Multiple Choice Question from 2010 Civ Pro Exam
Multiple Choice from the 2008 Civ Pro Exam

Multiple Choice from 2008 Civ Pro Exam

Updated to take into account the Clarification  Act...

4. Which of the following actions is most likely to be dismissed for lack of subject matter jurisdiction? In each case the action is brought in the federal district court for the Southern District of New York. Assume that any relevant amount in controversy is satisfied.

a. P (a domiciliary of New York) sues the D Corp. (a German corporation with its principal place of business in New York) for violations of federal securities fraud law.


b. P (a domiciliary of New York) sues D1 (a domiciliary of New Jersey) under German law for a battery that occurred in Germany.


c. P1 (a German citizen domiciled in Germany) and P2 (a domiciliary of New York) sue D1 (a German citizen domiciled in Germany) and D2 (a domiciliary of California) under New York law for a battery in connection with a brawl that occurred in New York.


d. P (a German citizen domiciled in Germany) sues D1 (a French citizen domiciled in France) and D2 (a domiciliary of California) under New York law for a battery in connection with a brawl that occurred in New York.


e. P (a domiciliary of New Jersey) sues D (a French national living illegally in New Jersey) under New York law for a battery that occurred in New York.

ANSWER

a. P (a domiciliary of New York) sues the D Corp. (a German corporation with its principal place of business in New York) for violations of federal securities fraud law.

Wrong. This clearly has federal question SMJ (since P is suing under federal securities law).

b. P (a domiciliary of New York) sues D1 (a domiciliary of New Jersey) under German law for a battery that occurred in Germany.

Wrong. This is clearly a diversity case, under 1332(a)(1), since it is a suit between citizens of different states. It does not matter that the suit is under German law.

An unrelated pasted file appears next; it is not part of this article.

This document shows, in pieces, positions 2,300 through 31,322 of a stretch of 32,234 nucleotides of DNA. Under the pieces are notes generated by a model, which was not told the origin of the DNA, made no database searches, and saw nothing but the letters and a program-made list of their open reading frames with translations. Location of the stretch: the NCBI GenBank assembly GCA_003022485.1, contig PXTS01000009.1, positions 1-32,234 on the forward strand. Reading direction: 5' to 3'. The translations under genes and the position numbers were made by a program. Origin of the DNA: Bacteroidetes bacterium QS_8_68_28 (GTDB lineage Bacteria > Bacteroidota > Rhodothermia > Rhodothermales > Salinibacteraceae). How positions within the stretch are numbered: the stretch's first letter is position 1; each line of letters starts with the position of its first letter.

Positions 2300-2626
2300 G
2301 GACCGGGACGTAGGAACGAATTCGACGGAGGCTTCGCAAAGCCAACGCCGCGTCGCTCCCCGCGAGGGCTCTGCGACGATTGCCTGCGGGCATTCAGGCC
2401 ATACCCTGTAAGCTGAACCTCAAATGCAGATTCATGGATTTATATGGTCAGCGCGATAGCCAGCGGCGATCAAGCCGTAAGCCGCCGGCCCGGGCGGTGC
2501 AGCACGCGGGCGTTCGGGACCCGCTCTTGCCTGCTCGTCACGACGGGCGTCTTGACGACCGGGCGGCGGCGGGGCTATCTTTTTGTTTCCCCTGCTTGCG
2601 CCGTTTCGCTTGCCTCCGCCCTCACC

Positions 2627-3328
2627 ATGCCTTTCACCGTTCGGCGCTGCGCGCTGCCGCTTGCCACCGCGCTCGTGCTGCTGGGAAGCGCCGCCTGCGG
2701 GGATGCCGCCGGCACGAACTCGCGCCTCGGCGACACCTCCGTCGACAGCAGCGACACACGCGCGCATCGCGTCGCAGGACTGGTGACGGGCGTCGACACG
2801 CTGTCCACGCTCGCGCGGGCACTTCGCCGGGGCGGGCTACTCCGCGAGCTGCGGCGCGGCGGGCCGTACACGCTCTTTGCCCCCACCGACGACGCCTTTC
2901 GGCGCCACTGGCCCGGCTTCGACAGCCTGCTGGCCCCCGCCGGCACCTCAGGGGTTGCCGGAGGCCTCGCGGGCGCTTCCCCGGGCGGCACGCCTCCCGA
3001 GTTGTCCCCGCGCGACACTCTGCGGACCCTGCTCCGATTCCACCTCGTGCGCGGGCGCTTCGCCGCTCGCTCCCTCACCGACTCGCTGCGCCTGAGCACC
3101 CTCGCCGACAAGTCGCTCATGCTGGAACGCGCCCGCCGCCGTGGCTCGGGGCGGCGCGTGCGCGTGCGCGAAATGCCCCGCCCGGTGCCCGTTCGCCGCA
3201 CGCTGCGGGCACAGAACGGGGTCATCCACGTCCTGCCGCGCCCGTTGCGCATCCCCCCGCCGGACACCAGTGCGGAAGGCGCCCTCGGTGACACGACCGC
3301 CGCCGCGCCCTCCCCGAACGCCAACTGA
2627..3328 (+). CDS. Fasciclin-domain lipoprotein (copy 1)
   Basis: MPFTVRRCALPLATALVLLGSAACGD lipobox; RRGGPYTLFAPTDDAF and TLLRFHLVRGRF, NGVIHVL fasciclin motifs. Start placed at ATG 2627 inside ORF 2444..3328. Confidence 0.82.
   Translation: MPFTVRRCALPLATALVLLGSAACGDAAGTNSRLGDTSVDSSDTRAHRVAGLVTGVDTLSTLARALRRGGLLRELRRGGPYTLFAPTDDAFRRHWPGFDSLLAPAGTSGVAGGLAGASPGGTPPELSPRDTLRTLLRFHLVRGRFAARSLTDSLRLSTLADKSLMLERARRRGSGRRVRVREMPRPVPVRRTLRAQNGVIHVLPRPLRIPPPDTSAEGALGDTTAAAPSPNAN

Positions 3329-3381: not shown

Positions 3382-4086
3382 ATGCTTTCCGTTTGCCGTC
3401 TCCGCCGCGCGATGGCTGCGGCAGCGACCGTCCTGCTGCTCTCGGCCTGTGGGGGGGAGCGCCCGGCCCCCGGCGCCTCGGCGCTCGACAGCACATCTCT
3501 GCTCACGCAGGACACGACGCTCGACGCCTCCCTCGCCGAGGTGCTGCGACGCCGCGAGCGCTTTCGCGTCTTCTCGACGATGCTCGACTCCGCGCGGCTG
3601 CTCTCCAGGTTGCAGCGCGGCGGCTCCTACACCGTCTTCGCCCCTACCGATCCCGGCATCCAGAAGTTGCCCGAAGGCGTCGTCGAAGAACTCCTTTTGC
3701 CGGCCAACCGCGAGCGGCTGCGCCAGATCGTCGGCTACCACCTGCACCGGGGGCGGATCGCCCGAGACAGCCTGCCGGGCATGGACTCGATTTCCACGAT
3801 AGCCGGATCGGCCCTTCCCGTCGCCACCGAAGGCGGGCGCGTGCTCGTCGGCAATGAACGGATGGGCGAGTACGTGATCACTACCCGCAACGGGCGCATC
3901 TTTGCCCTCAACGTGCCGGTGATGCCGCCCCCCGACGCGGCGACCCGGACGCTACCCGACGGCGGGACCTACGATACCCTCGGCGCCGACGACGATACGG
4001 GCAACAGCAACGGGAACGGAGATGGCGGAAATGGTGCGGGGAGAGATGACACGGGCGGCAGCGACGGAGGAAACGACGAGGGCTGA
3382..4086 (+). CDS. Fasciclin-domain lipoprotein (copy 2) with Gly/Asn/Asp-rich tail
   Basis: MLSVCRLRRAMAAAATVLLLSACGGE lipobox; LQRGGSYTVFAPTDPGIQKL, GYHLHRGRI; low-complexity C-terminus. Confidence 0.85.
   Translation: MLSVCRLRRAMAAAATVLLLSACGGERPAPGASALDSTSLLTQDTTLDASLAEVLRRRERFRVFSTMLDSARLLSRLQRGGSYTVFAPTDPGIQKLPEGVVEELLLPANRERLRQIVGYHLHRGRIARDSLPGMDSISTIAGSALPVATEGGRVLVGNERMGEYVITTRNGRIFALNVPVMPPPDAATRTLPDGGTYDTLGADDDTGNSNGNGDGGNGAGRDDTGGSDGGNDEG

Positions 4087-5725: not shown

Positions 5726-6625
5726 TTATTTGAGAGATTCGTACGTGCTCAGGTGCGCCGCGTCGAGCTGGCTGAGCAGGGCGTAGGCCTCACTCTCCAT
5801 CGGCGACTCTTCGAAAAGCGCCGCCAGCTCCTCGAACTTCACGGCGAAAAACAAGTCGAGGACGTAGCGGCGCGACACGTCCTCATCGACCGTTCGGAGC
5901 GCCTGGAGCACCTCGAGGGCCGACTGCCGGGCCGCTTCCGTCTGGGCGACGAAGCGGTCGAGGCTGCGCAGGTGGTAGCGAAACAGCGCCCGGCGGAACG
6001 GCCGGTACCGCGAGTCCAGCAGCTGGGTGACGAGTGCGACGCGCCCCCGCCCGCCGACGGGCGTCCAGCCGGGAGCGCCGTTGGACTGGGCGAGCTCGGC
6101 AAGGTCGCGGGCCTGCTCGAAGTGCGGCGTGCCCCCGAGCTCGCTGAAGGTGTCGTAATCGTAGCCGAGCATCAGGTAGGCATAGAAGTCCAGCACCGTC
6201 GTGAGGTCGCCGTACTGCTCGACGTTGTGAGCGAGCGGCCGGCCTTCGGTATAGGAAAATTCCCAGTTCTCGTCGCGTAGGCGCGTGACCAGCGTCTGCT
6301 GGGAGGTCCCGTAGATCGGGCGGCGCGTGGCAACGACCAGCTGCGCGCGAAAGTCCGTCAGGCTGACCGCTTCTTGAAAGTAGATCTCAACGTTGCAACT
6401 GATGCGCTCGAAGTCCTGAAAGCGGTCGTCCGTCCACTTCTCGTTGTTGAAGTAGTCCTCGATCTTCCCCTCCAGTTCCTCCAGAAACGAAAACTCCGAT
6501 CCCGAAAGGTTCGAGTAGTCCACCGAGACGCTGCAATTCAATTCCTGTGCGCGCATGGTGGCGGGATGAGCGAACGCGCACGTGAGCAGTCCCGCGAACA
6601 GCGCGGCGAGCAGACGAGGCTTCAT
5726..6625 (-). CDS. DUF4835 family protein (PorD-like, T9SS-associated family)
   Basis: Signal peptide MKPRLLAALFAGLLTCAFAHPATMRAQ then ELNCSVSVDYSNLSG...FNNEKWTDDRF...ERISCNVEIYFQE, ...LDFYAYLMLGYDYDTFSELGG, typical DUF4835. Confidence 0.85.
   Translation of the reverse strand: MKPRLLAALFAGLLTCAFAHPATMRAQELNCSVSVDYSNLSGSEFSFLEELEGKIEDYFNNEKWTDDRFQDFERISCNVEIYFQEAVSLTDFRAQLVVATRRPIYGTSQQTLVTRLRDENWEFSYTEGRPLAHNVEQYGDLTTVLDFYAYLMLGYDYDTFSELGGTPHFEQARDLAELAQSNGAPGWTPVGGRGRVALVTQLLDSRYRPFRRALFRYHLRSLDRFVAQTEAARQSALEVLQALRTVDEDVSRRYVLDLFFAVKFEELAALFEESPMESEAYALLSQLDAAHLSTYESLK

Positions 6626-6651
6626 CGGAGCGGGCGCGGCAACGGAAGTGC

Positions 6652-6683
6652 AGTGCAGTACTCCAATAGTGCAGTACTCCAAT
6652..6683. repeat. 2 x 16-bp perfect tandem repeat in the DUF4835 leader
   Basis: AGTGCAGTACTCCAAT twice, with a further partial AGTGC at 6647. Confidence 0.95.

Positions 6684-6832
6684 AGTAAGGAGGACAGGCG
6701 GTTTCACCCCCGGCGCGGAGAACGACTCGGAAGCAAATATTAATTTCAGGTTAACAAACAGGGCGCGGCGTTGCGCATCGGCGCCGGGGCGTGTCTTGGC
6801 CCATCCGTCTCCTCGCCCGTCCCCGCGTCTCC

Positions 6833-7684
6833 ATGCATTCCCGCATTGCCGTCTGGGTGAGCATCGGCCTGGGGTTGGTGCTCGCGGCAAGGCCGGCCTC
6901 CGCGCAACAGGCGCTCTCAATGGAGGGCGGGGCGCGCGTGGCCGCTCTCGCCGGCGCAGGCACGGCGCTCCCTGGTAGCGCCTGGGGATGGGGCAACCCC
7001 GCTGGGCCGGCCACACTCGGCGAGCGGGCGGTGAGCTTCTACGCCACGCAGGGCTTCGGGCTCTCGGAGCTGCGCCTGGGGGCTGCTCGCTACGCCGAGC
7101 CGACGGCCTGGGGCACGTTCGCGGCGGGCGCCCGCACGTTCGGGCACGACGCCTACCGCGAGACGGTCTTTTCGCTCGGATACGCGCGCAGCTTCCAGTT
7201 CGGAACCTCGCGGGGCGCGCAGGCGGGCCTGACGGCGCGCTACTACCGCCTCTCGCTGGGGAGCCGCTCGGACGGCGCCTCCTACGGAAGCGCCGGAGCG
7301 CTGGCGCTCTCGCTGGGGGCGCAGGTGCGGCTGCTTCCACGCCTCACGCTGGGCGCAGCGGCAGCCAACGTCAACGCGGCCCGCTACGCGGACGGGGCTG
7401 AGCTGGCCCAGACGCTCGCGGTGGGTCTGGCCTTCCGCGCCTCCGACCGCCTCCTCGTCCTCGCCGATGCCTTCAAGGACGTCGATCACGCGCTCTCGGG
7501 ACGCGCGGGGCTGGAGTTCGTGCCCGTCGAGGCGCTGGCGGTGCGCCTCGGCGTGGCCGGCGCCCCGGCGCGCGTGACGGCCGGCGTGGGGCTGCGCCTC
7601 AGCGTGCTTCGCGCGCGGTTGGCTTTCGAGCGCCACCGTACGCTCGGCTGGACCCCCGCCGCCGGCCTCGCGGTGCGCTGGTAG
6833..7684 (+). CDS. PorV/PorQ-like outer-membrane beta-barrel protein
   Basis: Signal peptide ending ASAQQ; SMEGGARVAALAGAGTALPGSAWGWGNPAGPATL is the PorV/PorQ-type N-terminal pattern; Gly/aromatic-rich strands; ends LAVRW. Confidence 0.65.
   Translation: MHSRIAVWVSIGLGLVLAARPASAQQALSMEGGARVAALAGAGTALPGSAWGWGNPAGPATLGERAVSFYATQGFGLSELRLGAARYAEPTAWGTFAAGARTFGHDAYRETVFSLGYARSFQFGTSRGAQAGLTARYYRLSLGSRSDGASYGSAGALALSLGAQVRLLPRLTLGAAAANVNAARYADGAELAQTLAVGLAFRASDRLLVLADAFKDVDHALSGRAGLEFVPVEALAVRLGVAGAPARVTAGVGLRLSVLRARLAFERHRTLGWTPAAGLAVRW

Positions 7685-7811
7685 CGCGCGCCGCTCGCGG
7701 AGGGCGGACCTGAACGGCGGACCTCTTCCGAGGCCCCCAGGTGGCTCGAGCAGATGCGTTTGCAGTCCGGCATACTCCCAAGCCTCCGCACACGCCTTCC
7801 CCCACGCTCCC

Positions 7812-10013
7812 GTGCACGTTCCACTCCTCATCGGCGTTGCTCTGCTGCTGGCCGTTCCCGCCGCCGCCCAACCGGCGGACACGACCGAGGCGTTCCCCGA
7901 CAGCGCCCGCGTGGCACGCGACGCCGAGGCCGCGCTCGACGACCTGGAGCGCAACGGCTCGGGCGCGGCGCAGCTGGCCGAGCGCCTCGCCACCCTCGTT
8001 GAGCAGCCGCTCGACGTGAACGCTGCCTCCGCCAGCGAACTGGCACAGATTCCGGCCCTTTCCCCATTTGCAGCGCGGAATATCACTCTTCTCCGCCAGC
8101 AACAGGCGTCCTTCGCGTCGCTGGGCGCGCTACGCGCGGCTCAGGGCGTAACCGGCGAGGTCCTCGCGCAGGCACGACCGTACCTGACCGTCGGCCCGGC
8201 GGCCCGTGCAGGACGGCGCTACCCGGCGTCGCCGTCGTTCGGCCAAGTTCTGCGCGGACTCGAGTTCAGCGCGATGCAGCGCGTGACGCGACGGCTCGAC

c. P1 (a German citizen domiciled in Germany) and P2 (a domiciliary of New York) sue D1 (a German citizen domiciled in Germany) and D2 (a domiciliary of California) under New York law for a battery in connection with a brawl that occurred in New York.

Wrong. This is clearly a diversity case, under 1332(a)(3), since it is a controversy between “citizens of different States and in which citizens or subjects of a foreign state are additional parties.” It does not matter that a German is on each side.

d. P (a German citizen domiciled in Germany) sues D1 (a French citizen domiciled in France) and D2 (a domiciliary of California) under New York law for a battery in connection with a brawl that occurred in New York.

Correct. This does not have federal SMJ. First of all, it is not under federal law, so 1331 does not apply. Second, 1332(a) is not applicable either. Here is what 1332(a) says:
(a) The district courts shall have original jurisdiction of all civil actions where the matter in controversy exceeds the sum or value of $75,000, exclusive of interest and costs, and is between—

(1) citizens of different States;
(2) citizens of a State and citizens or subjects of a foreign state, except that the district courts shall not have original jurisdiction under this subsection of an action between citizens of a State and citizens or subjects of a foreign state who are lawfully admitted for permanent residence in the United States and are domiciled in the same State;
(3) citizens of different States and in which citizens or subjects of a foreign state are additional parties; and
(4 )a foreign state...as plaintiff and citizens of a State or of different States.

This is not a suit between citizens of different states under 1332(a)(1), because there is no citizen of a state on the plaintiff side. For the same reason 1332(a)(3) cannot apply. 1332(a)(2) is not applicable because there are aliens on both sides (I mentioned this reading of 1332(a)(2) in class). Finally 1332(a)(4) is inapplicable, for obvious reasons.

 

e. P (a domiciliary of New Jersey) sues D (a French national living illegally in New Jersey) under New York law for a battery that occurred in New York.

Wrong. This is an alienage case under 1332(a)(2). It is true that under 1332(a)(2), "the district courts shall not have original jurisdiction under this subsection of an action between citizens of a State and citizens or subjects of a foreign state who are lawfully admitted for permanent residence in the United States and are domiciled in the same State." But D is not admitted for permanent residence.

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